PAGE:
The Austrian government has proposed a new law to regulate the affairs of Muslims in Austria. While it is worthwhile that Austrians are looking for ways to update their 1912 law governing Muslim affairs, the proposed reform requiring, among other things, a single German translation of the Quran is ill-conceived.
This proposal for a government-mandated single German translation of the Quran reflects gross ignorance about Islam, ignorance about the factors contributing to violent extremism, and obliviousness to the nature of modern media. Last but not least, it smells of cultural imperialism.
Muslims believe God revealed the Quran to Muhammad in Arabic. Most Muslims consider versions of the Quran in other languages to be “interpretations,” not “translations.” So, the idea of a secular government mandating that a version of the Quran in German be “official” probably strikes most Muslims as bizarre.
The Diversity of Islam
Also highly problematic is the way the Austrian proposal ignores the diversity within Islam. The Austrian government currently recognizes the Islamische Glaubensgemeinschaft in Österreich (the Islamic Religious Organization in Austria, or IGGiÖ) as the official representative of Muslims in Austria. However, the IGGiÖ is fundamentally a civic organization that was formed to meet requirements imposed by the Austrian state. By its nature, it is not an organization that grew organically from inside Islam.
Austria has already had to come to terms with some of the disputes about who does and who does not qualify as “Muslim.” The Alevi minority in Austria (not to be confused with the Alawites), who felt excluded from and under-represented by the IGGiÖ, established its own religious council and in 2013 received recognition from the Austrian government.
Islam is a diverse religion, and this diversity is present within the immigrant population and among converts to Islam within Austria. Moreover, while Sunni Islam has traditions of scholarly consultation and consensus formation, it is by and large unstructured. There are differences in the ways leadership is formed and recognized among the main sects of Islam—Sunni and Shia. There are also significant differences between sub-groups of these sects. In addition, there are smaller sects that self-identify as Islamic, such as the Ahmadiyya and Alevi, but who are often looked down upon, and in some cases considered heretics, by Sunni and Shia Muslims. There are also Sunni and Shia Muslims who view each other as heretics. Moreover, even some Alevis question whether or not Alevism should be considered a branch of Islam or not.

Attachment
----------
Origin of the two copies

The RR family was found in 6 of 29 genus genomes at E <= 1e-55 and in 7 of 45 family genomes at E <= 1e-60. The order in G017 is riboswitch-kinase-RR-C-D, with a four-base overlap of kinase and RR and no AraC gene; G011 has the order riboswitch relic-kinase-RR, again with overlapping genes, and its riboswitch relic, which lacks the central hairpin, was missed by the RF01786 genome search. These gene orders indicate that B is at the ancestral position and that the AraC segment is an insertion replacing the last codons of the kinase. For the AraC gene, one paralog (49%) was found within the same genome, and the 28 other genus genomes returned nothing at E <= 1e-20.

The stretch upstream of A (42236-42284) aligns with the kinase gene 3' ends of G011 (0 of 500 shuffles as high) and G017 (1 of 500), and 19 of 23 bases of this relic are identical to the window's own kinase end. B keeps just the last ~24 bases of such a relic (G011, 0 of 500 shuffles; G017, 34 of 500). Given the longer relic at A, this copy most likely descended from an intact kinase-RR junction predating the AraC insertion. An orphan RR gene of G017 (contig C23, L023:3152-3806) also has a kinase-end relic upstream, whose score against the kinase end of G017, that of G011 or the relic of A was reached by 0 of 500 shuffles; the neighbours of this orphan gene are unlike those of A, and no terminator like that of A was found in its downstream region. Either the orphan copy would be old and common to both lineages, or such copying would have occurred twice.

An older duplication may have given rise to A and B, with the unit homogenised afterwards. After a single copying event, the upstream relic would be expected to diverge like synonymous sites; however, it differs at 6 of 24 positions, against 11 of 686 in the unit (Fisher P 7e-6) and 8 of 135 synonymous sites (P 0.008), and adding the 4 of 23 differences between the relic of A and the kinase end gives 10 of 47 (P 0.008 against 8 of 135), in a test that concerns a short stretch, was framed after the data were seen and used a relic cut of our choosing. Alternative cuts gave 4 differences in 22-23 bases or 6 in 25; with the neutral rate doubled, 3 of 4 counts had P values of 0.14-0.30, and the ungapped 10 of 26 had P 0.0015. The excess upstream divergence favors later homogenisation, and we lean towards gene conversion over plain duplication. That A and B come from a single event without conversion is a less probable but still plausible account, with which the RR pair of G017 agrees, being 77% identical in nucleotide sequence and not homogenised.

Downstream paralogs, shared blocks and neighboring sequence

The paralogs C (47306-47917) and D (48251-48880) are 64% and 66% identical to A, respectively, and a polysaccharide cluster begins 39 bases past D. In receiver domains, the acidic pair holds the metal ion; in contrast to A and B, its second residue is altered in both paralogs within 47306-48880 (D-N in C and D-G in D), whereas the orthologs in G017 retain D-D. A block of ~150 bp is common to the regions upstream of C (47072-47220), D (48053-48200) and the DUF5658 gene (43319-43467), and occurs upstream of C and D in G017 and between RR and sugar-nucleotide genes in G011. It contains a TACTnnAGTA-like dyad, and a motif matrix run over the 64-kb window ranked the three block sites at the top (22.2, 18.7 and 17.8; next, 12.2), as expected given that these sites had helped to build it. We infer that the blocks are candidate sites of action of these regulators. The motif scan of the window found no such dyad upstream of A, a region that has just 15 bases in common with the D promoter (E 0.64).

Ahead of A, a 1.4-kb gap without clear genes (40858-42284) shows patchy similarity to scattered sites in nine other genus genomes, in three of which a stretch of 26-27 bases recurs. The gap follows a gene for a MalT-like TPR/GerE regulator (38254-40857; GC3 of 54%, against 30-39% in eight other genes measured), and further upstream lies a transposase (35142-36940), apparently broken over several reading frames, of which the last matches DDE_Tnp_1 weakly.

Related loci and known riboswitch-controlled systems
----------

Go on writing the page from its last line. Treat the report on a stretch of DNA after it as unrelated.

In Germany, where the Alevis also formed an organization separate from the main Muslim organization to serve as a representative body to the German government, the Alevis did so by changing their ways in order to meet the definition of religion as determined by the German government. For example, the German government required the Alevis to develop a written curriculum to teach about Alevism. Previously, Alevi traditions have been passed down only orally and with a wide range of interpretation among those passing them down. The codification required by the German government came from the German government, not organically from inside Alevism.
Expanding Government Power at the Expense of Religion
This trend of European governments imposing structures and standards determined by the state upon religious groups represents an unsettling trend of expanding state power at the expense of autonomy for religious groups. Moreover, this trend increasingly places states in the position of empowering one group of religious believers over others within a faith. In some cases, this may result in empowering those who may have a greater love for political activism than for religious learning and practice.